Snowboarder Hannah Teter has literally done it all: she’s won Olympic medals in halfpipe—gold in 2006 and silver in 2010—modeled for SI’s swimsuit issue and even had an ice cream named after her (Ben & Jerry’s “Maple Blondie”). But there’s one thing that still bugs her about her career: she didn’t make the podium at the 2014 Winter Olympics in Sochi, finishing fourth.
“That didn’t turn out in my favor,” she said. “I wouldn’t call it ‘out for revenge,’ but I definitely want to end everything with a podium finish.”
So before Teter, 29, pulls the curtain on her competitive career to ride powder into the sunset, she wants to make her fourth Olympic team and end it on the top three steps. To get there, her training includes perfecting her “corks”—inverted, spinning aerials considered the sport’s most difficult tricks—to the trampoline to training that will protect her body from injury. And to do the latter, Teter uses a combination of gym work and cross training like mountain biking and standup paddling.
When she does go to the gym, she uses circuit training to keep things fresh, moving from station to station at a high-octane pace. “I’ve been circuit training since I was 13 years old,” she said. “It’s is so good for athletes. It’s really fast paced for the body and mind and you have to give it all you have at each station so training doesn’t’ become monotonous.”
Teter hits the gym twice a week and does six stations. Following a 10-minute warm-up on the bike, she’ll usually do each station four times, sometimes three, depending on her energy level on that particular day. She’ll change up her stations to keep things interesting, but here’s a look at one of Teter’s favorite circuit workouts:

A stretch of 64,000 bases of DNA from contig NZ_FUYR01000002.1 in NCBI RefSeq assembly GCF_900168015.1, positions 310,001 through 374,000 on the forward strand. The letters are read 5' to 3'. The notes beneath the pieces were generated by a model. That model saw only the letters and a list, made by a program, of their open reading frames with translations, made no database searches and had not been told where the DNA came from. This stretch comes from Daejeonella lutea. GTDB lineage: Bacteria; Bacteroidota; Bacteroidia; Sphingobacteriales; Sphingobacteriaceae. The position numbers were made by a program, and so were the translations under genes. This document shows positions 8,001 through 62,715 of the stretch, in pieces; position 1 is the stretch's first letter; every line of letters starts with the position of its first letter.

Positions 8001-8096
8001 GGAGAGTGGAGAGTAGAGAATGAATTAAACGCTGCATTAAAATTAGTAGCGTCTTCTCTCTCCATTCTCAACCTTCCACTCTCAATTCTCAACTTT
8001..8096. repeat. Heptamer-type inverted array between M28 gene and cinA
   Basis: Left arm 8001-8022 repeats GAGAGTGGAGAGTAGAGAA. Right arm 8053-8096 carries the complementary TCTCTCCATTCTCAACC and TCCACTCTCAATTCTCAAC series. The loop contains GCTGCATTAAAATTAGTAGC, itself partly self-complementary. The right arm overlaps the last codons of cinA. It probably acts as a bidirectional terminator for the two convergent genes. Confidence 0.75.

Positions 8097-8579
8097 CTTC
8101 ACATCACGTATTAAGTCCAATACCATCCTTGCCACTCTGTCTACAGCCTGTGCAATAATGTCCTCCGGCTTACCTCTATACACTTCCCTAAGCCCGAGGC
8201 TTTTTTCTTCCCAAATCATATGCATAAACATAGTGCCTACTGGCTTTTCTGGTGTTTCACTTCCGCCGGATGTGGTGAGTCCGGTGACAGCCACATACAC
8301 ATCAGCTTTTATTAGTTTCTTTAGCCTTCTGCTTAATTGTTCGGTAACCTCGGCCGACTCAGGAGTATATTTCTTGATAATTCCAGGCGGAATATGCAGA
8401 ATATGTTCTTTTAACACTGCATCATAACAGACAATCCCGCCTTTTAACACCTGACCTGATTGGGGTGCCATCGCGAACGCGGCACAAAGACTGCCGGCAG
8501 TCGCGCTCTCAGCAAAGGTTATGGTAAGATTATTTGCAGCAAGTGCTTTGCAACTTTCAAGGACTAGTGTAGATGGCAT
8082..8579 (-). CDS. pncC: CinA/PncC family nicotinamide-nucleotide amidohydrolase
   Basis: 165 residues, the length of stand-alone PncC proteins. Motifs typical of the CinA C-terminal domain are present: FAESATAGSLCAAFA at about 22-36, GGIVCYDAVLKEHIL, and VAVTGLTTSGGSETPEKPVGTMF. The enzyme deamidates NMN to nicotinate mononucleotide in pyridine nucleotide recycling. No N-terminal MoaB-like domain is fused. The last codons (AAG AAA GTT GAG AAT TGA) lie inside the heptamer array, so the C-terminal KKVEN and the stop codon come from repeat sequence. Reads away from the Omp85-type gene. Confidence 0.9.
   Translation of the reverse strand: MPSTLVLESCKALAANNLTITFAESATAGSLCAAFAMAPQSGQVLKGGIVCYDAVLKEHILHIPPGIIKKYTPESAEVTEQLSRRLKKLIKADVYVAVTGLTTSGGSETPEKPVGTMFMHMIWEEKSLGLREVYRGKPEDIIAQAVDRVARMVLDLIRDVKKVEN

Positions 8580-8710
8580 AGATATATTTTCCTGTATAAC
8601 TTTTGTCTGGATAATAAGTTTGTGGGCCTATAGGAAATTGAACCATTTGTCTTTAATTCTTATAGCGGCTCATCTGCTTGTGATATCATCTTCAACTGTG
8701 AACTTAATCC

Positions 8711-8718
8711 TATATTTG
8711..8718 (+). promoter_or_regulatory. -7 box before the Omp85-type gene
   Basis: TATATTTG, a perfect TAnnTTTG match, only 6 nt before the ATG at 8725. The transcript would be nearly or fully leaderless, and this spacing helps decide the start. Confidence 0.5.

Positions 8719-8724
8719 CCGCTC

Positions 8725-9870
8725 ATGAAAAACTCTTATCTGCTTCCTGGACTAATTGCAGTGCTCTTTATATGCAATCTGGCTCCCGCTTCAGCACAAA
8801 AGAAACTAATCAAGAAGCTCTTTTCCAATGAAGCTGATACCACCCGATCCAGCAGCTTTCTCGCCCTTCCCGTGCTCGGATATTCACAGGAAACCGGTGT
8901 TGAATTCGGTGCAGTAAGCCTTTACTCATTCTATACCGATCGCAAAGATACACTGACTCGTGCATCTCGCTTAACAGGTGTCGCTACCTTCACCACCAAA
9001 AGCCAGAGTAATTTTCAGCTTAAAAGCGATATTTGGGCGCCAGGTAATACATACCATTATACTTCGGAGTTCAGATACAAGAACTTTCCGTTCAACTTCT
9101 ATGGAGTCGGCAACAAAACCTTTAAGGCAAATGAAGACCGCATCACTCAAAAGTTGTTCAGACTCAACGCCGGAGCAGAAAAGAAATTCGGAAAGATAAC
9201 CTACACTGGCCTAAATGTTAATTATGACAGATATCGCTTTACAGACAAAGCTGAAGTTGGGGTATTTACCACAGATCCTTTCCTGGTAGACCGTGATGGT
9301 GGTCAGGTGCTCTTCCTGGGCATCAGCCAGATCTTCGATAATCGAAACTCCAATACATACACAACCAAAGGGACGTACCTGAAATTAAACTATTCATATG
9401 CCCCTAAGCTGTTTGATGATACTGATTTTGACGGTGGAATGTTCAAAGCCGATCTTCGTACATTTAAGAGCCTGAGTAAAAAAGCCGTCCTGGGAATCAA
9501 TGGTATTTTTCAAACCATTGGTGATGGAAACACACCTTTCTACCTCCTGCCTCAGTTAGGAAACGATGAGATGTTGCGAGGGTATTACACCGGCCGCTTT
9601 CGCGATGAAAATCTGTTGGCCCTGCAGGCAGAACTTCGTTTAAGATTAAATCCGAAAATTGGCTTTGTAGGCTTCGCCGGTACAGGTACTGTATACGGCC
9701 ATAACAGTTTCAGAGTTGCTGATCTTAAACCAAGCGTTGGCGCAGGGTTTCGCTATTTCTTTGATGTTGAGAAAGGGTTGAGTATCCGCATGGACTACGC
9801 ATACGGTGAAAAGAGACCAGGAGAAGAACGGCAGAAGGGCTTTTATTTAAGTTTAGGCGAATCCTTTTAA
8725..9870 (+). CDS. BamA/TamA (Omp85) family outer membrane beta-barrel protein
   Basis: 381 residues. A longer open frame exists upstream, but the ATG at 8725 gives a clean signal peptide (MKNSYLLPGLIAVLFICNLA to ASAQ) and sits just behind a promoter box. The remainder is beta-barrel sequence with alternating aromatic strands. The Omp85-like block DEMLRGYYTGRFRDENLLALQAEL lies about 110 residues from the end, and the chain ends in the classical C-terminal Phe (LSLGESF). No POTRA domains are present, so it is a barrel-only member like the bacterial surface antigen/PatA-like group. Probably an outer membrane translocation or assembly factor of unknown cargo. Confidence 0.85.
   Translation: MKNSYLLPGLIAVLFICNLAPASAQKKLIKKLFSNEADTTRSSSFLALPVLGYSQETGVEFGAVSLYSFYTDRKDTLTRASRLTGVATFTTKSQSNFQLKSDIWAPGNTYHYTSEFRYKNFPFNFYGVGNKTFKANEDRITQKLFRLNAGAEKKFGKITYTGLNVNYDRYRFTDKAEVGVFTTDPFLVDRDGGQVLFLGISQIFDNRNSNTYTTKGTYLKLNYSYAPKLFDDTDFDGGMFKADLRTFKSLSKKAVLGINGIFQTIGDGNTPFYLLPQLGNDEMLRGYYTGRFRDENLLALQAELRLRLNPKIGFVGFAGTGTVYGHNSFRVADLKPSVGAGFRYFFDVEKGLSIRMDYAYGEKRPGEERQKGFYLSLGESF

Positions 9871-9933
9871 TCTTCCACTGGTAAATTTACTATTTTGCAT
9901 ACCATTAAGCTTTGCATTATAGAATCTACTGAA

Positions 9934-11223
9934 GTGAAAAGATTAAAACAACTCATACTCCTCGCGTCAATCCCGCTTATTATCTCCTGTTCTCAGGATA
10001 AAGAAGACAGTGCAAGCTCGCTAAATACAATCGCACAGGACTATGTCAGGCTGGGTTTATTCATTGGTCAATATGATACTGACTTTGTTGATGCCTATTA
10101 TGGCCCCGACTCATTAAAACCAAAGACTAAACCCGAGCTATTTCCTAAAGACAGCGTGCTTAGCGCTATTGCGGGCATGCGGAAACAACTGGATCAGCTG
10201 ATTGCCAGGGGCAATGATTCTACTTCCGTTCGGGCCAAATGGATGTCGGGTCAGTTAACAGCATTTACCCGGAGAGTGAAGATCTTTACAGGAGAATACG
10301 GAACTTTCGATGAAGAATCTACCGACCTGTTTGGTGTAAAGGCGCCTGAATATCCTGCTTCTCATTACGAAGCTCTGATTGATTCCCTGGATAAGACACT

1. Burpee or burpee variation
I’ll use a bosu ball when I go down to do the pushup to create a more difficult pushup, then as I come up, I raise the bosu ball overhead to get extension, then go back down. I usually do around 10 of those before moving to the next station.
2. Weighted sled pull
Seated or standing, put as much weight as you can handle and then pull it across the room towards you. Depending on how heavy it is, I’ll do that a couple of times. It usually takes about 20 seconds each time.
3. One-legged split squat
In the third station, three, I set up a one-legged split squat. Using a 20-pound dumbbell, with my back foot on a bench or box, I squat down with one leg, knee parallel or behind ankle line. You don’t want the knee to go over the ankle line because it could strain that joint. I feel that this exercise really tones the leg. I do both sides, about 10-15 reps on each leg.
4. TRX pike push-up
For the fourth exercise I integrate the TRX strap—a strap that hangs with stirrups on each side—and do tight pushups. I set the TRX low to ground, both feet in it, then do the push up and go straight into pike—arching the body into an a-frame position to extend the pushup. I do at least 20 of these. Using the TRX strap and going into pike really helps stabilize and strengthen every part of your upper body.
5. TRX assisted jump
For the fifth part of the circuit I stick with the TRX strap for a TRX-assisted jump. I lengthen the strap to shoulder line. Holding on to it, squat down so your rear is touching the ground. Then jump up—you really want to send it—and then squat as you land, as low as you can go. I do around 15-20 reps of these.
6. Medicine ball work
For the last station, I love doing weighted squats or throws or side throws. Using a 10-pound medicine ball, get in squat position. Squat down low and on the way up, toss the ball against the wall, catch it then squat back down. I do 10-15 of those. As you come up from your squat, you want to throw it straight in front of you. I don’t throw it too hard, just enough to intensify the squat.
After completing her rotations through her circuit, Teter likes to finish up her workout by attacking her core with a vengeance.
“All these exercises target the core but I usually give it full, undivided attention with crunches, reaches, cherry pickers or wall climbers," she says. "When you’re finished, you should really be worked.”
This article originally appeared on SI Edge.